The vaginal epithelium provides a barrier to pathogens and recruits immune defenses through the secretion of cytokines and chemokines. Several studies have shown that mucosal sites are innervated by norepinephrine-containing nerve fibers. Here we report that norepinephrine potentiates the proinflammatory response of human vaginal epithelial cells to products produced by Staphylococcus aureus, a pathogen that causes menstrual toxic shock syndrome. The cells exhibit immunoreactivity for catecholamine synthesis enzymes and the norepinephrine transporter. Moreover, the cells secrete norepinephrine and dopamine at low concentrations. These results indicate that norepinephrine may serve as an autocrine modulator of proinflammatory responses in the vaginal epithelium.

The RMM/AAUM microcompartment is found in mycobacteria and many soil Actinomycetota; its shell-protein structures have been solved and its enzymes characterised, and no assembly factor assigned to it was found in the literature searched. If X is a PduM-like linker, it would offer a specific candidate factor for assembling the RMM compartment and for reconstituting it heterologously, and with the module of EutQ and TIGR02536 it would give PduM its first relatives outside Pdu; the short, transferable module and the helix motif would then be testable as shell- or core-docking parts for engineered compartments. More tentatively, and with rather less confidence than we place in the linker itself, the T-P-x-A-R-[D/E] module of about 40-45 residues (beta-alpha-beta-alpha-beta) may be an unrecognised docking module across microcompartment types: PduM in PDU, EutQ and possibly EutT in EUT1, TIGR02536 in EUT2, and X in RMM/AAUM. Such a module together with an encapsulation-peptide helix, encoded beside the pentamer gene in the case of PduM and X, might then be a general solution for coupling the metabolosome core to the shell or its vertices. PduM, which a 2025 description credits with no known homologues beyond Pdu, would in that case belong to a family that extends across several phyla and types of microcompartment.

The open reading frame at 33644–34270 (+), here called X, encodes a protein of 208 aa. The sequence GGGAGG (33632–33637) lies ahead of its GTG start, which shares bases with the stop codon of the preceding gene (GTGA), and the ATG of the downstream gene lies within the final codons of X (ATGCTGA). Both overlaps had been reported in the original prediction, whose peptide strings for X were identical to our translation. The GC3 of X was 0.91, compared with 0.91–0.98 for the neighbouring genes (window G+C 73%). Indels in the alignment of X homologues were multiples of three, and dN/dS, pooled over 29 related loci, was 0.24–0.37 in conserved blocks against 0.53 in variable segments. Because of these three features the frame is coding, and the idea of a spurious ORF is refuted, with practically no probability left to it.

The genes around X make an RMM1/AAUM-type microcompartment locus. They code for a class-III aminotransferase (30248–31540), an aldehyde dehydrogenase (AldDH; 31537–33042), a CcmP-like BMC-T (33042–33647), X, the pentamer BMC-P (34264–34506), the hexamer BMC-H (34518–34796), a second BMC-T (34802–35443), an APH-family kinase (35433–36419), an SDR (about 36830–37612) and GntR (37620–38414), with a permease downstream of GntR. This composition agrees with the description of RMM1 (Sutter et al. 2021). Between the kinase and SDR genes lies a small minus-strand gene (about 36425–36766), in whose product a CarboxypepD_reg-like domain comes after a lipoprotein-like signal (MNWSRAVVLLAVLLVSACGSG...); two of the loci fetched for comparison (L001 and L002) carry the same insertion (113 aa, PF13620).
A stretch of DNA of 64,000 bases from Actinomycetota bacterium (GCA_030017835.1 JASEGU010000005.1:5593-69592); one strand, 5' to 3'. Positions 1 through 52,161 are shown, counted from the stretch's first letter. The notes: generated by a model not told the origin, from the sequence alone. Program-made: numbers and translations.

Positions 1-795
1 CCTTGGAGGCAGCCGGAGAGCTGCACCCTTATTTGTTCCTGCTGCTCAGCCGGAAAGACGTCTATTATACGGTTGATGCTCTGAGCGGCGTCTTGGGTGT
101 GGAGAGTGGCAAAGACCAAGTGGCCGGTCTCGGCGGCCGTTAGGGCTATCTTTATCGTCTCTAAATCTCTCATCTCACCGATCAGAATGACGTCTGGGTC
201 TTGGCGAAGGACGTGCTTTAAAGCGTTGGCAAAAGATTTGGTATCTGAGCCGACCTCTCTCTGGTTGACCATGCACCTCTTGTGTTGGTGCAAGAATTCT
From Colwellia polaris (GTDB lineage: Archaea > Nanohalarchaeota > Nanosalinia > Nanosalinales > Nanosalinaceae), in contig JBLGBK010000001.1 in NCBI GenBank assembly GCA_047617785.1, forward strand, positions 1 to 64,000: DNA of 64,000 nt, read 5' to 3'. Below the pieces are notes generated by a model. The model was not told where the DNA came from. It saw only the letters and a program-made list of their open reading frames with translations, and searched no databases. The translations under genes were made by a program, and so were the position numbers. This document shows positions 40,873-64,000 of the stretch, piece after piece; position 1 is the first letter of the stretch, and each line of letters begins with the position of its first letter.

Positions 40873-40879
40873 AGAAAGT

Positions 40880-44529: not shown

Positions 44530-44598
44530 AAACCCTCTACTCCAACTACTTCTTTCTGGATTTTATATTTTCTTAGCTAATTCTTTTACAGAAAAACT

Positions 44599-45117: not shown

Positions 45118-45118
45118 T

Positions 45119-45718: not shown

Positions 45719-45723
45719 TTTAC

Bibliographical noteFunding Information:
This project was supported by NIDA/NIH DA-10200 (DRB). AJB was a postdoctoral trainee in the PharmacoNeuroImmunology Training Program at the University of Minnesota, supported by NIDA/NIH T32DA007097 .
- Staphylococcus aureus
- Toxic shock syndrome